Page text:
Which Joe gave his name to ‘sloppy joes’? We look at five interesting sandwiches and their lexical origins.
The chemical element of atomic number 91, a radioactive metal of the actinide series, occurring in small amounts as a product of the natural decay of uranium.
- ‘All isotopes of protactinium are radioactive.’
- ‘Along the way, these disintegration series produce radioactive isotopes of protactinium, thorium, actinium, radium, francium, radon, astatine, polonium, bismuth, lead, thallium and mercury.’
- ‘The dates of discovery of these elements as 1789 for uranium, 1829 for thorium, 1899 for actinium and 1913 for protactinium.’
- ‘A new method of radioactive tracing involves the use of a new clock, based on the radioactive decay of uranium - 235 to protactinium - 231.’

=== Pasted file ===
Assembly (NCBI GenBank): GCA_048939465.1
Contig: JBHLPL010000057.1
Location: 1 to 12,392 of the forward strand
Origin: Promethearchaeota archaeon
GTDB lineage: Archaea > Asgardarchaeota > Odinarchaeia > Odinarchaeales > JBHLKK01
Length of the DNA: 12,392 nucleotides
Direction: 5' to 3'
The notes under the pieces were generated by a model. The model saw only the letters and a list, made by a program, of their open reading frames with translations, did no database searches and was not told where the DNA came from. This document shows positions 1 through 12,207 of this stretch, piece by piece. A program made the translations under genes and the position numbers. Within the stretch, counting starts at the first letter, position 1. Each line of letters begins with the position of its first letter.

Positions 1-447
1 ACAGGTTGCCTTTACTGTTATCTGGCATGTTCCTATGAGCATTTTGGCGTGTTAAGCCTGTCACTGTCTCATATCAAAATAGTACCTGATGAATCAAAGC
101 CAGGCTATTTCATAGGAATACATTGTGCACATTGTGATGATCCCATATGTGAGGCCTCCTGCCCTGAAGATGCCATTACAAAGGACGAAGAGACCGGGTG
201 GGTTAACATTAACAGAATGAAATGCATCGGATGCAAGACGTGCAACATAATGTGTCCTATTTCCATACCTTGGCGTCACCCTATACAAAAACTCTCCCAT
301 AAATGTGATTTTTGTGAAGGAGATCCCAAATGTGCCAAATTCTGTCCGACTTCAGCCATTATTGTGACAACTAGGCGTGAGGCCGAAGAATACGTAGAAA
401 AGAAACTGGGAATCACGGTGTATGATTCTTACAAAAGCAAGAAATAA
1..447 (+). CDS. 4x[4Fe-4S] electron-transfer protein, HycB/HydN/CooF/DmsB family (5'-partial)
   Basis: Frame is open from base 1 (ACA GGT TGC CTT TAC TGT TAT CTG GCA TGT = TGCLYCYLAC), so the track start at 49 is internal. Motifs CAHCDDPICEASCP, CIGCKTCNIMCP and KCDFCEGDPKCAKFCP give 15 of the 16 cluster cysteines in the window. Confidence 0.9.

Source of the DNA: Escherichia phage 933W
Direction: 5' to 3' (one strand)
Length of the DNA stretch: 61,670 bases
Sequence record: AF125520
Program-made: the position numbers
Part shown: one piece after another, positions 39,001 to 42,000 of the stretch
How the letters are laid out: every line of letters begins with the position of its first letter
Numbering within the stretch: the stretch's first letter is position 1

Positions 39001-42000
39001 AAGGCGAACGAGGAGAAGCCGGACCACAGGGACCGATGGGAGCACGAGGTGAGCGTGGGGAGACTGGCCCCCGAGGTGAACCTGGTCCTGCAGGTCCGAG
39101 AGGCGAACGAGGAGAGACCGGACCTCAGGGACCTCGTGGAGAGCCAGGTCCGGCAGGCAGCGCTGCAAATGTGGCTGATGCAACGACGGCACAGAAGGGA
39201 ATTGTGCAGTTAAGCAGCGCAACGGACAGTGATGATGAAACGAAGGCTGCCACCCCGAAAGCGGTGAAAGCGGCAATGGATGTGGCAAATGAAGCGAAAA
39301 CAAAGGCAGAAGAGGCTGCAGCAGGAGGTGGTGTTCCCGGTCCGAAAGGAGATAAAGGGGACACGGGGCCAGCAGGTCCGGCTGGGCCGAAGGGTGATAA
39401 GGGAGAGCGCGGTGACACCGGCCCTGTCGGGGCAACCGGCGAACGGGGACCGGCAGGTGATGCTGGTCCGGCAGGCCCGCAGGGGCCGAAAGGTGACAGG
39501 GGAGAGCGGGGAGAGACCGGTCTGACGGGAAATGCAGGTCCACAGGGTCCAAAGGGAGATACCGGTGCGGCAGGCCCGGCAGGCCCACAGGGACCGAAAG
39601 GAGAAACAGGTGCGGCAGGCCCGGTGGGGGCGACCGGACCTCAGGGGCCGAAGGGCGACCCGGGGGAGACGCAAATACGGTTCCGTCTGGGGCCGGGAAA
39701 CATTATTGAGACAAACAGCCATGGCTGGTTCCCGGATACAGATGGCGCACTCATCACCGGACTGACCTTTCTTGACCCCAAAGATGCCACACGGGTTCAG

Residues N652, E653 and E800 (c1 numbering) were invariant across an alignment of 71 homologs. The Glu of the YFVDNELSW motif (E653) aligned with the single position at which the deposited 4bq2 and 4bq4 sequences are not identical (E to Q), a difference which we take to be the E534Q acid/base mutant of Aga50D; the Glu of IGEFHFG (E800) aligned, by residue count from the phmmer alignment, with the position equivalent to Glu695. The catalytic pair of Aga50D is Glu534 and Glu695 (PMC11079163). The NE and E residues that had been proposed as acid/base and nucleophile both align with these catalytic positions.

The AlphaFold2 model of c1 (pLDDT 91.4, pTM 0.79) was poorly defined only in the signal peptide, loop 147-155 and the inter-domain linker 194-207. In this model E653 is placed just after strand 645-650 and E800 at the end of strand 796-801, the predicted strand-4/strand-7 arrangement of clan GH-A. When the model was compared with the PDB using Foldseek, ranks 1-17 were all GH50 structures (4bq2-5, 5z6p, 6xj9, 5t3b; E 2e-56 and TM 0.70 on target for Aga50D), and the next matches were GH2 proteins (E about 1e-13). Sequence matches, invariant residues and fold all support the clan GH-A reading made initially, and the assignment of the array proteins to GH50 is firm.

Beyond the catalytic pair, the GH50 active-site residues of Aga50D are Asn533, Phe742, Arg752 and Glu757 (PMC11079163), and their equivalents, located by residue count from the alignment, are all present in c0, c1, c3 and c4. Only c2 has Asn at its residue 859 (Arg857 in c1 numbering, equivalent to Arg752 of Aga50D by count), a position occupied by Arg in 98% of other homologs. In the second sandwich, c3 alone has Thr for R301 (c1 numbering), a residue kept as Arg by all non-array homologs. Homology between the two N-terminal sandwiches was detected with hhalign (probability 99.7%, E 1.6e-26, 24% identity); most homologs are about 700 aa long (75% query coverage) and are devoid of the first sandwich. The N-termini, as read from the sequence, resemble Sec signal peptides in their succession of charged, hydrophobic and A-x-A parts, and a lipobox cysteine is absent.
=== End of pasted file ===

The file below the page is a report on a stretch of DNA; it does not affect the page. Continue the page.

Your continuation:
- ‘A protactinium - 234 atom has 91 protons and 143 neutrons.’
Early 20th century: from proto- ‘original, earlier’ + actinium, so named because one of its isotopes decays to form actinium.
We take a look at several popular, though confusing, punctuation marks.
From Afghanistan to Zimbabwe, discover surprising and intriguing language facts from around the globe.
The definitions of ‘buddy’ and ‘bro’ in the OED have recently been revised. We explore their history and increase in popularity.